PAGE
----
New tools fight security flaws in wireless networking


How do you secure wireless LANs? By using wireless technology with enhanced encryption and security features. By using wireless network monitoring tools, you can locate and close holes, such as unauthorized access points and sources of interference or possible attacks.

What's the standard for secure wireless networking? There isn't one, per se. There's a specification for securing encryption modules ? NIST's FIPS-140-2. When the Federal Information Security Management Act takes full effect, this specification will become the bar for agencies' wireless networks to clear.

What's next? Look for more security, such as Bluetooth, to become a part of everyday security. Also, as the next generation of wireless LAN technology gets formal approval, better encryption schemes, such as Advanced Encryption Standard, will be built into devices.

The growth of wireless networking has brought some serious security concerns. Sometimes ubiquitous and easy access to data networks isn't a good thing.

Security protocols, such as Wired Equivalent Privacy that is used by IEEE 802.11b, help but have defects. For example, Wired Equivalent Privacy uses a flawed encryption system.

A new breed of hackers also is appearing. These hackers, known as war walkers and war drivers, wander around looking for an unsecured wireless network to connect to. Once connected, they map the network for future reference, use its bandwidth or perform some electronic snooping.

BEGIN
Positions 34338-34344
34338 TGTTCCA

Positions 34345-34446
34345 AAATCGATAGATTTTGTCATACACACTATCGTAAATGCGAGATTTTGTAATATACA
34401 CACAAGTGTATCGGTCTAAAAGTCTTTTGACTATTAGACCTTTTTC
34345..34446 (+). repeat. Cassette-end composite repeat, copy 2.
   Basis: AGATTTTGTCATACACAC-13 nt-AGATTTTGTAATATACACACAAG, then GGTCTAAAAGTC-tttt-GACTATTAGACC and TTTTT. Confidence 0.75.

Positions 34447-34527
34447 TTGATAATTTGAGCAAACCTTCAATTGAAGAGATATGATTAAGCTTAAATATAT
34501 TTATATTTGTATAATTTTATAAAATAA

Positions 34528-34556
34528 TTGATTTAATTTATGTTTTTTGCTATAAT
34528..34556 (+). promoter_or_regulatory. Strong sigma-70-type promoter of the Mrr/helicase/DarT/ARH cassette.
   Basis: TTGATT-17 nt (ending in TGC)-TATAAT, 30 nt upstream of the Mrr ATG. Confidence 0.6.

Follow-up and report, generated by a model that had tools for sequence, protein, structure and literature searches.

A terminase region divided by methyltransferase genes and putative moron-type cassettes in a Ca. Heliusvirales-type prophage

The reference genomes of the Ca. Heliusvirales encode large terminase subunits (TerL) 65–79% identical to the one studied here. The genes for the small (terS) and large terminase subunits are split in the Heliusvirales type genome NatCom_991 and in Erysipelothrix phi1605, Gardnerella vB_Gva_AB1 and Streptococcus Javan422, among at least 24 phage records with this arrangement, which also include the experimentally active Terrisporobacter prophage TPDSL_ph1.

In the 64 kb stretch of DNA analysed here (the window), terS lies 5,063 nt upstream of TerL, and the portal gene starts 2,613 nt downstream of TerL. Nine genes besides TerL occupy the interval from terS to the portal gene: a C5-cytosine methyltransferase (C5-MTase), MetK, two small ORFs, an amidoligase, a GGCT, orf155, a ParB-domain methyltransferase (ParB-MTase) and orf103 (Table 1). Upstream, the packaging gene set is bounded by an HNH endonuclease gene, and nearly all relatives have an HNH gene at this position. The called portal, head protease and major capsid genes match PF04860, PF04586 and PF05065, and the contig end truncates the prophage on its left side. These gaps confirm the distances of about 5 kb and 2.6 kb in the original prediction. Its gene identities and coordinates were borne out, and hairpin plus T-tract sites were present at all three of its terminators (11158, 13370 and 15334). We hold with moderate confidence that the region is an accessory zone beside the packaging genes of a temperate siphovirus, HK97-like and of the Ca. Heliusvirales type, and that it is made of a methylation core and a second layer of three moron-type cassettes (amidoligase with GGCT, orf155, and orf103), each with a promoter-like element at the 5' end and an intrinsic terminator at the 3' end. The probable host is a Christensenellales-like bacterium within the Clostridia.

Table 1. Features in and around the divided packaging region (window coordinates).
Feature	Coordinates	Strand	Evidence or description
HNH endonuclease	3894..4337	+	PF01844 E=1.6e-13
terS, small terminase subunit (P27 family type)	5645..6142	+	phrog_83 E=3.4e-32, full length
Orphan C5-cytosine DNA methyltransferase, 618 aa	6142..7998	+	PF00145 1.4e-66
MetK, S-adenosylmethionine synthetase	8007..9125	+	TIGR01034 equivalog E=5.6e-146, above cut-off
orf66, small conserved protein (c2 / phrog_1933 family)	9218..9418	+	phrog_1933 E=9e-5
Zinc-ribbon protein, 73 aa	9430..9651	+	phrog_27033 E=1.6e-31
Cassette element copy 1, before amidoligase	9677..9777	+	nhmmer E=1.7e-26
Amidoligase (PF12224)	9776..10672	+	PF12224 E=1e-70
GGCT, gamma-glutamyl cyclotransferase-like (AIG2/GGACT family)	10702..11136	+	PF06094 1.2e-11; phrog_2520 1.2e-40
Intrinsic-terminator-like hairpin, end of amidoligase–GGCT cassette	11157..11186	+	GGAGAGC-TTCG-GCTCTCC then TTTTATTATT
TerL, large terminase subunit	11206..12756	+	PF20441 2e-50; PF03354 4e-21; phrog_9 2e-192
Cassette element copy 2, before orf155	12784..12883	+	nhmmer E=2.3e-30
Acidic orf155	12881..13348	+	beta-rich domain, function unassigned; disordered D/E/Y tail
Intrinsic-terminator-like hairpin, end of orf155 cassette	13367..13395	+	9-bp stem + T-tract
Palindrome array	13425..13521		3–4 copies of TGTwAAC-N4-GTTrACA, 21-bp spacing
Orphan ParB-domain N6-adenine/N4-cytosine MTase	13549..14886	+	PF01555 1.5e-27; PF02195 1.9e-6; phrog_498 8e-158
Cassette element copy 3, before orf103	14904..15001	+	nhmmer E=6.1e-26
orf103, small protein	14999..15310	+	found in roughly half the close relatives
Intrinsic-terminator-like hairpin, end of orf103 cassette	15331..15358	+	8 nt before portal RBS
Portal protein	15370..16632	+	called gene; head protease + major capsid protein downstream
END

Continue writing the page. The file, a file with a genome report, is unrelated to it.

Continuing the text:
Another practice is war chalking, in which the hackers leave symbols, much like those used by hobos during the Great Depression, telling wireless wanderers where and how they can grab free bandwidth.

Many newer wireless products have fixed the problem by substituting another encryption technology, but managing wireless security is still a challenging task.

New tools are needed, including wireless-network sniffers that can seek out misconfigured or unauthorized wireless-access points, and software and hardware tools for providing better integration of user authentication with wireless systems used by hard-wired users.

Well-established federal standards help keep government networks secure. Among these is the National Institute of Standards and Technology's Federal Information Processing Standard publication 140-2, Security Requirements for Cryptographic Modules.

Many new wireless systems support enhanced encryption as well as authentication systems. So the number of systems certified as FIPS-140-2 compliant is bound to grow over the next year.

Even if you don't yet have a requirement for FIPS-140-2 compliance, it's time to start pushing it.
Kevin Jonah, a Maryland network manager, writes about computer technology.

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